# Comparison¶

By default, two instances of `attrs` classes are equal if all their fields are equal. For that, `attrs` writes `__eq__` and `__ne__` methods for you.

Additionally, if you pass `order=True` (which is the default if you use the `attr.s` decorator), `attrs` will also create a full set of ordering methods that are based on the defined fields: `__le__`, `__lt__`, `__ge__`, and `__gt__`.

## Customization¶

As with other features, you can exclude fields from being involved in comparison operations:

```>>> from attr import define, field

>>> @define
... class C:
...     x: int
...     y: int = field(eq=False)

>>> C(1, 2) == C(1, 3)
True
```

Additionally you can also pass a callable instead of a bool to both eq and order. It is then used as a key function like you may know from `sorted`:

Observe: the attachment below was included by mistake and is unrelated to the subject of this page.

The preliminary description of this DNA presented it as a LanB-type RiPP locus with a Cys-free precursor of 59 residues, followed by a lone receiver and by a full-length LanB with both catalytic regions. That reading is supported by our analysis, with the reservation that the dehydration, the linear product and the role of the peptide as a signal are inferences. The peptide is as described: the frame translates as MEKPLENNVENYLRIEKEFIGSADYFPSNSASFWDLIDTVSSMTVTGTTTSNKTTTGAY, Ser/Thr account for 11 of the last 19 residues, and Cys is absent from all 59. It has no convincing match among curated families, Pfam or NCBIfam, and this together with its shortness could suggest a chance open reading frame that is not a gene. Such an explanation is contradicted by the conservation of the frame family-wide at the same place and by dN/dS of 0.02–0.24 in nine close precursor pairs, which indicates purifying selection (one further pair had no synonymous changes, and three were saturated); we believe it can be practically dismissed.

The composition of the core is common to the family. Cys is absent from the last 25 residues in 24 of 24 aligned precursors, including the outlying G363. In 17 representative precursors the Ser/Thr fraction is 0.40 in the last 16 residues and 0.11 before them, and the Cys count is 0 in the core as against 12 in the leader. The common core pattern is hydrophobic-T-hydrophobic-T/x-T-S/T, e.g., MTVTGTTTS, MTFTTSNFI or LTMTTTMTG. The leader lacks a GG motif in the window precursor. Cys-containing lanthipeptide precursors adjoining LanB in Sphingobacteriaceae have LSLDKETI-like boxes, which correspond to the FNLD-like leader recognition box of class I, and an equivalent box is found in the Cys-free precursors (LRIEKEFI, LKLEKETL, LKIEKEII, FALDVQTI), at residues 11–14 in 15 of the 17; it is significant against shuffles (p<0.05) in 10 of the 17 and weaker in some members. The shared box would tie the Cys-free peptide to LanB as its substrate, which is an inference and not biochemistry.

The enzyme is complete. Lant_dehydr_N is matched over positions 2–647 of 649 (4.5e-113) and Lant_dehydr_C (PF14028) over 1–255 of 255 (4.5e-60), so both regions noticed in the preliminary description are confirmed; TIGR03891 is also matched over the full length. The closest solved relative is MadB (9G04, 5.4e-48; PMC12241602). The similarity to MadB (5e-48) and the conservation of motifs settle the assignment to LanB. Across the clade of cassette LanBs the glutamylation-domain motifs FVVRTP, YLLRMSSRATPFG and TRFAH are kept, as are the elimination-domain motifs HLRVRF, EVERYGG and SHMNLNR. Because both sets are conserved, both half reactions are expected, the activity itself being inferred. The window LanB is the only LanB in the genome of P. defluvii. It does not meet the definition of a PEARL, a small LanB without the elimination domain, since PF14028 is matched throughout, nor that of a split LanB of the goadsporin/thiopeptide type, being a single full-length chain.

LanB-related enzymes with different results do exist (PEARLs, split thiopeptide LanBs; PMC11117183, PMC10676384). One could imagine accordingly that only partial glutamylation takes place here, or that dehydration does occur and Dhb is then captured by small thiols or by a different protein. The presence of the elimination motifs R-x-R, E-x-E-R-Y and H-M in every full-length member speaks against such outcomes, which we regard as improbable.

```>>> from attr import define, field

>>> @define
... class S:
...     x: str = field(eq=str.lower)

>>> S("foo") == S("FOO")
True

>>> @define(order=True)
... class C:
...     x: str = field(order=int)

>>> C("10") > C("2")
True
```

This is especially useful when you have fields with objects that have atypical comparison properties. Common examples of such objects are NumPy arrays.

To save you unnecessary boilerplate, `attrs` comes with the `attr.cmp_using` helper to create such functions. For NumPy arrays it would look like this:

```import numpy

@define(order=False)
class C:
an_array = field(eq=attr.cmp_using(eq=numpy.array_equal))
```

Warning

Please note that eq and order are set independently, because order is `False` by default in `attrs.define` (but not in `attr.s`). You can set both at once by using the cmp argument that we’ve undeprecated just for this use-case.